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My program crashes because it reaches a stack.top() it shouldn't reach, as the stack is empty. I have an if which checks just that:

    if(!st.empty());
        //do stuff

(I have initialized

stack<int> st;

).

But although I can see in the debug that the stack is empty, it still goes in the if! I even wrote this code:

    if(st.size()>0);
        cout<<st.size();

And it prints 0! What is going on and how can I fix it? Thanks!

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"My program"... what is your program? How are we supposed to tell what's going on if we don't see it? –  Mehrdad Nov 10 '12 at 9:38

2 Answers 2

up vote 17 down vote accepted

The semicolons after the if statements are the problem

BAD:

if(st.size()>0); // <-- this should not be here!!!!!!!!
    cout<<st.size();

Properly rewritten:

if(st.size()>0) {
    cout<<st.size();
}

Also, as @WhozCraig pointed out, the other statement has a semicolon too!

BAD:

if(!st.empty()); // <--BAD!
    //do stuff

Good:

if(!st.empty()) {
    //do stuff
}

ALWAYS!! use brackets with branches (if, switch), and loops (for, while, do-while)!!! It pays off big time! (Not to mention, a cute kitten dies each and every time such a block is written without brackets!) ALWAYS!!

For example this can kill a day in debugging:

BAD:

int i=0;
...
while(i++<1000);
    doStuff(i);

Good:

int i=0;
...
while(i++<1000) {
    doStuff(i);
}

Beware (as @WhozCraig pointed out again) this does not automagically solve the problem of semicolon terminated branch and loop statements, as this is perfectly valid syntax:

if (condition);{ ...code... } 

Or

if (condition);
{ 
     ...code... 
} 

But in my opinion and experience (this is totally subjective!) - as I myself have fallen into this trap a couple of times - I experienced that when I have the curly bracket after the aforementioned statements, I didn't ever make the mistake of typing a semicolon again. Adhering to this convention was a silver bullet - for me, and others could benefit from this too. Also, if there was a semicolon there, it would immediately catch my eye, just by looking, as it is an "uncommon pattern of characters".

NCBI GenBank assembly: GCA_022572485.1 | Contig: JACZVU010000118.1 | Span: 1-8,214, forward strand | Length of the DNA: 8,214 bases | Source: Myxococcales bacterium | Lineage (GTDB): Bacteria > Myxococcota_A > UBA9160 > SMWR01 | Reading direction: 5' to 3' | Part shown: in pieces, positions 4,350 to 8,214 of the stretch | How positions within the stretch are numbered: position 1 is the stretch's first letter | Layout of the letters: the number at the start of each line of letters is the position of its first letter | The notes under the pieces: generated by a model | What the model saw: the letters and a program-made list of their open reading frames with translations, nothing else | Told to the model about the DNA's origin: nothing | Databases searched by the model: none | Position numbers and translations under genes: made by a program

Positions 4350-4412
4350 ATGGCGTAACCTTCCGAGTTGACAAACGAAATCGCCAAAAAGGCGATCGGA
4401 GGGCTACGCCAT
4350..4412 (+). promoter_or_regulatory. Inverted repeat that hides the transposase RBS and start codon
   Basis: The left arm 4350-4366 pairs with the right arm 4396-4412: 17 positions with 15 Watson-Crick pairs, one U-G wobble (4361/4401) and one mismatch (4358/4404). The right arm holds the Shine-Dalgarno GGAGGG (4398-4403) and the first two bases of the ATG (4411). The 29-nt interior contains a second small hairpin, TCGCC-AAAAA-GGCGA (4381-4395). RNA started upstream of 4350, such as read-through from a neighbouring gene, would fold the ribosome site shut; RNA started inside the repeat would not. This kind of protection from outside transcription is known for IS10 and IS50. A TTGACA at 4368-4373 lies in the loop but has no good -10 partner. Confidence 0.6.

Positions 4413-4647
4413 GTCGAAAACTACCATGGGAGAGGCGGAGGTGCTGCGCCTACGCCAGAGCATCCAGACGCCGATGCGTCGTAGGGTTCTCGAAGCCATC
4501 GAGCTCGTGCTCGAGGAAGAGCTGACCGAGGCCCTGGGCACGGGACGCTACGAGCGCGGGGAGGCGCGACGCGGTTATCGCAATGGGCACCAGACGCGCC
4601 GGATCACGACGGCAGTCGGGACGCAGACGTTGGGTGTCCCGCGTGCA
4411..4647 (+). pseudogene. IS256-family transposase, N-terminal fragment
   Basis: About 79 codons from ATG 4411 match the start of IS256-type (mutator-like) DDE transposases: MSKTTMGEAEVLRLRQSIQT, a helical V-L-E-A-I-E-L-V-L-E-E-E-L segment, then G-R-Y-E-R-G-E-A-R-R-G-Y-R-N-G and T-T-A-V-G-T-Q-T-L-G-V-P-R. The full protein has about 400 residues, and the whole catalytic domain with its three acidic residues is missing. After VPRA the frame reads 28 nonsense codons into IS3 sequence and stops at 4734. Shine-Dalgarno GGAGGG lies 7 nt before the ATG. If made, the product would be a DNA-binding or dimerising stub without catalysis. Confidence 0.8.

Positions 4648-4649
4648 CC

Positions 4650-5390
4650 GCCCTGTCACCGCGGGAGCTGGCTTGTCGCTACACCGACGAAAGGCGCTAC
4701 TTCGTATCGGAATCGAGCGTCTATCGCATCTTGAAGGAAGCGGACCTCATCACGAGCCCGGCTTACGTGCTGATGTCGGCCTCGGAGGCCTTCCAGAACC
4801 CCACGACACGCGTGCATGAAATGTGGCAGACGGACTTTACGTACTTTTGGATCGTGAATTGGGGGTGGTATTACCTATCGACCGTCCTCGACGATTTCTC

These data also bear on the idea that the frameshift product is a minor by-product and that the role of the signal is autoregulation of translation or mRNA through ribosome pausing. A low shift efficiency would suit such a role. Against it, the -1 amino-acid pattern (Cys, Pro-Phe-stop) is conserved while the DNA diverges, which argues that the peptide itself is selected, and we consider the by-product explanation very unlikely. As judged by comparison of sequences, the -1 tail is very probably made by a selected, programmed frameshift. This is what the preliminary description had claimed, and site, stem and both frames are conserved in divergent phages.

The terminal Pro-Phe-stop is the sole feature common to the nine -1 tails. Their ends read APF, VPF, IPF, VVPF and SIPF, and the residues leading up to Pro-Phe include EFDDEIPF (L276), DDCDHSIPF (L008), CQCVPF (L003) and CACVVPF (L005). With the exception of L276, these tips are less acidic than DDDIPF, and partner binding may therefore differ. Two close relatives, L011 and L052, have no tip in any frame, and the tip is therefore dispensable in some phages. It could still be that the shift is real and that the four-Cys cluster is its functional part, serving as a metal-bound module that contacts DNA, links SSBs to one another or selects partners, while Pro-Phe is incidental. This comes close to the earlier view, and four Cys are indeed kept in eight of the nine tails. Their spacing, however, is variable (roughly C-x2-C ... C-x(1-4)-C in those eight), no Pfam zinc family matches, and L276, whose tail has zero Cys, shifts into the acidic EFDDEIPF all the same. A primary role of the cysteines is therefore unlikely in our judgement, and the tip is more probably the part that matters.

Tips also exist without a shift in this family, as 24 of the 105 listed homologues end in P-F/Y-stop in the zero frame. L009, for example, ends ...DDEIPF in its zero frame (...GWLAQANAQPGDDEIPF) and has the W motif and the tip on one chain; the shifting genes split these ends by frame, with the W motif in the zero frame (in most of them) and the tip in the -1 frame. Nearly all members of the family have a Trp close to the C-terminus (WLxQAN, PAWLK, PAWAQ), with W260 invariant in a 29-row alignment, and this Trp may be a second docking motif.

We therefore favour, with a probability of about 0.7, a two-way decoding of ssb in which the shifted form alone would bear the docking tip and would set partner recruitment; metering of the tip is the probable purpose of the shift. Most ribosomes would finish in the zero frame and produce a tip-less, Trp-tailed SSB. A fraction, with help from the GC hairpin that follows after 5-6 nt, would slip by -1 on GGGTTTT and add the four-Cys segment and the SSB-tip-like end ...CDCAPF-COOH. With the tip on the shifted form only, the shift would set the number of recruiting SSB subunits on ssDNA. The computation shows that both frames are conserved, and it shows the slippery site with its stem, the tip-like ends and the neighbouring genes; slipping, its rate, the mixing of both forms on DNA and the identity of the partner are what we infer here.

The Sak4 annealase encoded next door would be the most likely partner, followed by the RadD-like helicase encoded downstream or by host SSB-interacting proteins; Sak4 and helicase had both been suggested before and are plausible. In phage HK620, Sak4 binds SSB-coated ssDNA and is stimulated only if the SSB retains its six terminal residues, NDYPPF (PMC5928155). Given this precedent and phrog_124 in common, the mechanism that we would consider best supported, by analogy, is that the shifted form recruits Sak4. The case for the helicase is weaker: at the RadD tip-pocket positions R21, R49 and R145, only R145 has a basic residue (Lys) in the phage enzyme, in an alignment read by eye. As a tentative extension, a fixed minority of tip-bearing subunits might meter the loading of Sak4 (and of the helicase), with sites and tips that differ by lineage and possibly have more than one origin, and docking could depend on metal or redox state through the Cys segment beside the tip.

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+1 the problem is on both if statements btw (not yours; the original post). –  WhozCraig Nov 10 '12 at 9:42
4  
Fwiw, curly braces are no magic bullet for terminated if-statements, while-statements, or any other block-control construct. if (condition);{ ...code... } is just as valid (and just as broken) as without the curly braces, and depending on the format-choice of the editor, just as hard to spot. –  WhozCraig Nov 10 '12 at 9:58
    
@WhozCraig that is definitely true, but - as I myself have fallen into this trap a couple of times - I have experienced that when I have the curly bracket after the aforementioned statements, I didn't ever make the mistake of typing a semicolon too. So adhering to this convention it was a silver bullet - for me... Didn't fall into the trap ever once since that. Also, if there was a semicolon there, it would immediately catch my eye, just by looking, as it is an "uncommon pattern of characters". (I do include this in the answer too, as it definitely adds to it) –  ppeterka Nov 10 '12 at 10:01
1  
I'd be curious to know how many engineers would catch the semi-colon in JohnB's third example below at first glance. crowd that line with extra comments (which belong above the if(), pet peeve of mine) and I bet that number climbs markedly. But it works for you, and so long as the engineer finds something that assists in reducing that chance, so much the better. –  WhozCraig Nov 10 '12 at 10:08
    
@WhozCraig this is one cause I started using less comments in my code. I used to be a verbose commenter, aiming to have around 50% of comments in the projects for my own pet projects, but after reading Clean Code, and after having got angry maintaining that amount of non-syntax checked comments, and being mislead by my own (stale) comments, I realized this has got to end... –  ppeterka Nov 10 '12 at 10:11

There is no "in the if", as your if contains only an empty statement:

if(!st.empty());
        //do stuff -- that's outside the if!!!!

(Background: The syntax is if (condition) block, with block being either a statement or a block of statements. ; is an empty statement, so if (...) ; means "if condition fulfilled then do nothing" -- which probably never is what you have in mind.)

You should write

if(!st.empty()) {
        //do stuff -- now it's inside!
}

Be careful! Do NOT write

if(!st.empty()); // notice the semicolon making it wrong; without the semicolon it would be ok
{
        // outside again
}
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1  
Note: good compilers should catch that one, provided you activate the proper warnings, such as -Wempty-body for Clang: warning: if statement has empty body [-Wempty-body]. –  Matthieu M. Nov 10 '12 at 15:39

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